Posted by: Ben | August 29, 2008

Massively Parallel Surveillance Processing

I’m reading Howard Rheingold’s Smart Mobs, which, although it was published in 2002, is still fresh and full of ideas that are still cutting edge. That says something about his reach into the future.

I can tell by the number of pages in his book that I’ve dog-eared that I love the book. In fact there should be some sort of metric: how many pages in a book did you dog-ear/write notes on? Does that correlate with how much you enjoyed it or found it instructive? Something to think about for galapag.us.

Anyway, near the end of the book he talks about the effects of everyone transmitting live audio and video feeds all the time. “Big Everybody”. He quotes Steven Feiner, who says:

“Massively parallel image and audio processing could make it possible to reconstruct a selected person’s activities from material recorded by others who have merely seen or heard that person in passing.”

Interestingly on the next page, Rheingold writes about Michel Foucault, who wrote that power “reaches into the very grain of individuals, touches their bodies and inserts itself into their actions and attitudes, their discourses, learning processes and everyday lives.”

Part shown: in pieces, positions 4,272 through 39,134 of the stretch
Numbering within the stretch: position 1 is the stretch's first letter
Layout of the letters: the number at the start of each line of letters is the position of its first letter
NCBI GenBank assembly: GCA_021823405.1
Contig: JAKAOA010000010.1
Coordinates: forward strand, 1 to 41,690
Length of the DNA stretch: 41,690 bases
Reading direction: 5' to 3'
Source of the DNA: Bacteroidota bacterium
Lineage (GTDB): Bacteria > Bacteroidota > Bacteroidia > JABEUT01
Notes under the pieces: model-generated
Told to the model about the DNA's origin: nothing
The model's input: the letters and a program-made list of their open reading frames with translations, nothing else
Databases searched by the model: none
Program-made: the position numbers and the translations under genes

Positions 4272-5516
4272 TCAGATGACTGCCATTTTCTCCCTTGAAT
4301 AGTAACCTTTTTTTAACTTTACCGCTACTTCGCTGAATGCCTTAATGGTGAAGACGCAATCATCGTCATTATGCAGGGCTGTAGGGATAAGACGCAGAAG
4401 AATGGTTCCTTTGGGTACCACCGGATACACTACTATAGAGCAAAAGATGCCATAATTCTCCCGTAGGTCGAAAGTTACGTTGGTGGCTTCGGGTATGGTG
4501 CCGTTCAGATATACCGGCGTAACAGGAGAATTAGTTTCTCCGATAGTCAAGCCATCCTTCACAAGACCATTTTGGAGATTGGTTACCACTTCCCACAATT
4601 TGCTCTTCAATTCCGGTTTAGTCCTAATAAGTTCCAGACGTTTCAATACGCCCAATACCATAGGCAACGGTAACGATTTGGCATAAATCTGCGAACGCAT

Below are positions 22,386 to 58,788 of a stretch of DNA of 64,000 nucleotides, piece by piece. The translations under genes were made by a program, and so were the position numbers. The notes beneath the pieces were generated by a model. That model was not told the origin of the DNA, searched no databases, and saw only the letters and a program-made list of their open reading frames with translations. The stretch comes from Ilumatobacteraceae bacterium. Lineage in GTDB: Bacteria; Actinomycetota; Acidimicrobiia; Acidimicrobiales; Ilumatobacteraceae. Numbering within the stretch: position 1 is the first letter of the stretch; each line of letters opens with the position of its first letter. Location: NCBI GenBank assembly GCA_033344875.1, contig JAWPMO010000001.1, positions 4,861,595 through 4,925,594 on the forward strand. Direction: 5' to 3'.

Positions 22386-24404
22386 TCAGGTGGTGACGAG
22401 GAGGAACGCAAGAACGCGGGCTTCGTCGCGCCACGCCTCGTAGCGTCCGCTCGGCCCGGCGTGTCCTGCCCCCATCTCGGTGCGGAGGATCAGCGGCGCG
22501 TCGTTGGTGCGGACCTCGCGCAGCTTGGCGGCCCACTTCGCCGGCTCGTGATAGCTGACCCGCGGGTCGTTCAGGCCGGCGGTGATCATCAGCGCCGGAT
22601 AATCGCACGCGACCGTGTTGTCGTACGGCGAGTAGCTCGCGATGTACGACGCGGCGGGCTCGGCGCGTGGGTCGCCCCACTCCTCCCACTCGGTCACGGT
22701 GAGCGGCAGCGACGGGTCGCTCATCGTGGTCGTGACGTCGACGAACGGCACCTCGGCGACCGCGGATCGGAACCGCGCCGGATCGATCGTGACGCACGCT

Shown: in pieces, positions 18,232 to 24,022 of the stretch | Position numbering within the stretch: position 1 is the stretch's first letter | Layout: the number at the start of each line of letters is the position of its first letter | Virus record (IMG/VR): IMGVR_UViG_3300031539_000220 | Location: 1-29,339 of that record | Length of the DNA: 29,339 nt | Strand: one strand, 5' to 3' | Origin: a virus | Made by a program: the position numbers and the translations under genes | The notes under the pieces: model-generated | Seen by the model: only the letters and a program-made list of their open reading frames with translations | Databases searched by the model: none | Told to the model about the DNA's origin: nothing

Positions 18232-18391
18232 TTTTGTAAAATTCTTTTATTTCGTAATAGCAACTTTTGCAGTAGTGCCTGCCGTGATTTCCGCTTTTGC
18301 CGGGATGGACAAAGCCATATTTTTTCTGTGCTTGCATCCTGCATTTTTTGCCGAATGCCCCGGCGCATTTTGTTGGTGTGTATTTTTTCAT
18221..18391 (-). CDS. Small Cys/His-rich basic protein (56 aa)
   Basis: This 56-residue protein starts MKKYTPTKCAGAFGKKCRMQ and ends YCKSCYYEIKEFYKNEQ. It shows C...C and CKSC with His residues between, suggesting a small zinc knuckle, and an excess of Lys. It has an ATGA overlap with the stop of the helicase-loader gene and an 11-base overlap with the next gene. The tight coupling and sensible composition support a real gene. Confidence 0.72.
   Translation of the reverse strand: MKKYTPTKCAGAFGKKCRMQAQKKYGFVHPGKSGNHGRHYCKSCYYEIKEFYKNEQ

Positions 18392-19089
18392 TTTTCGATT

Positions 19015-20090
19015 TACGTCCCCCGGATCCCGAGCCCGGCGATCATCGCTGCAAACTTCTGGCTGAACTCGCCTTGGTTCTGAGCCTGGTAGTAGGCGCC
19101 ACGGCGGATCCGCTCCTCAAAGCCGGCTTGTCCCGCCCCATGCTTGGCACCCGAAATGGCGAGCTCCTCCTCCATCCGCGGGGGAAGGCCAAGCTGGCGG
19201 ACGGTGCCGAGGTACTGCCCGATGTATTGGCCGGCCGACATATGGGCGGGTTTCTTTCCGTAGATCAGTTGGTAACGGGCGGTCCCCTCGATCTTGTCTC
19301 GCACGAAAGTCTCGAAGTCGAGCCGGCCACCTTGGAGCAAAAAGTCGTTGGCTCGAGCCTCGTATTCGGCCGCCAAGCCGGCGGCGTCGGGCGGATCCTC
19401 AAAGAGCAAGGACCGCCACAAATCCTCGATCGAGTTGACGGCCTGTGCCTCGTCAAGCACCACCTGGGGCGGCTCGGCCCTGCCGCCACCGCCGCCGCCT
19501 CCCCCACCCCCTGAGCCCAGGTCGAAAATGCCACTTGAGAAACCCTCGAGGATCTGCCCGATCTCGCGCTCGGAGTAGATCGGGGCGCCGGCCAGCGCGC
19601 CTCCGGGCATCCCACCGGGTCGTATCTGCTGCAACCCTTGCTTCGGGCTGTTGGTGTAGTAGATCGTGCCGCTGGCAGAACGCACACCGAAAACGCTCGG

What interests me is that Microsoft has been beta testing an extremely popular project called PhotoSynth, which reconstructs a real-world object (like a cathedral) into a 3D model using photos that people have taken of it.

So this stuff is coming soon!

But imagine you’re walking down the street all day shopping. Then the NSA decides it wants to reconstruct what you did today, and somehow flags you in a bunch of different peoples’ datastreams, assuming they are all recording video of what they’re seeing or even just what’s around them all day. You get tagged and a video is reconstructed from different people’s perspectives of what you were up to.

What are the implications of this ability? Is there a way to make this useful towards peoples’ privacy or by freeing up the technology from use just by intel agencies and companies? Are there positive things that can come out of this?

Is there a way to incorporate reputations into a system that allows only certain people to help in streaming you or viewing your stream?

David Brin talked about making surveillance available to everyone — we all are allowed to watch, and not just closed-circuit private/government cameras. We can monitor law enforcement and criminal acts, which is good.

But we still have to exert our political force upon the government, should it use physical force to coerce or control us or take away our abilities to surveil and collaborate. We also need to protect peoples’ privacies from stalkers.

I guess the problem is that this future is inevitable. So how are we going to deal with it?

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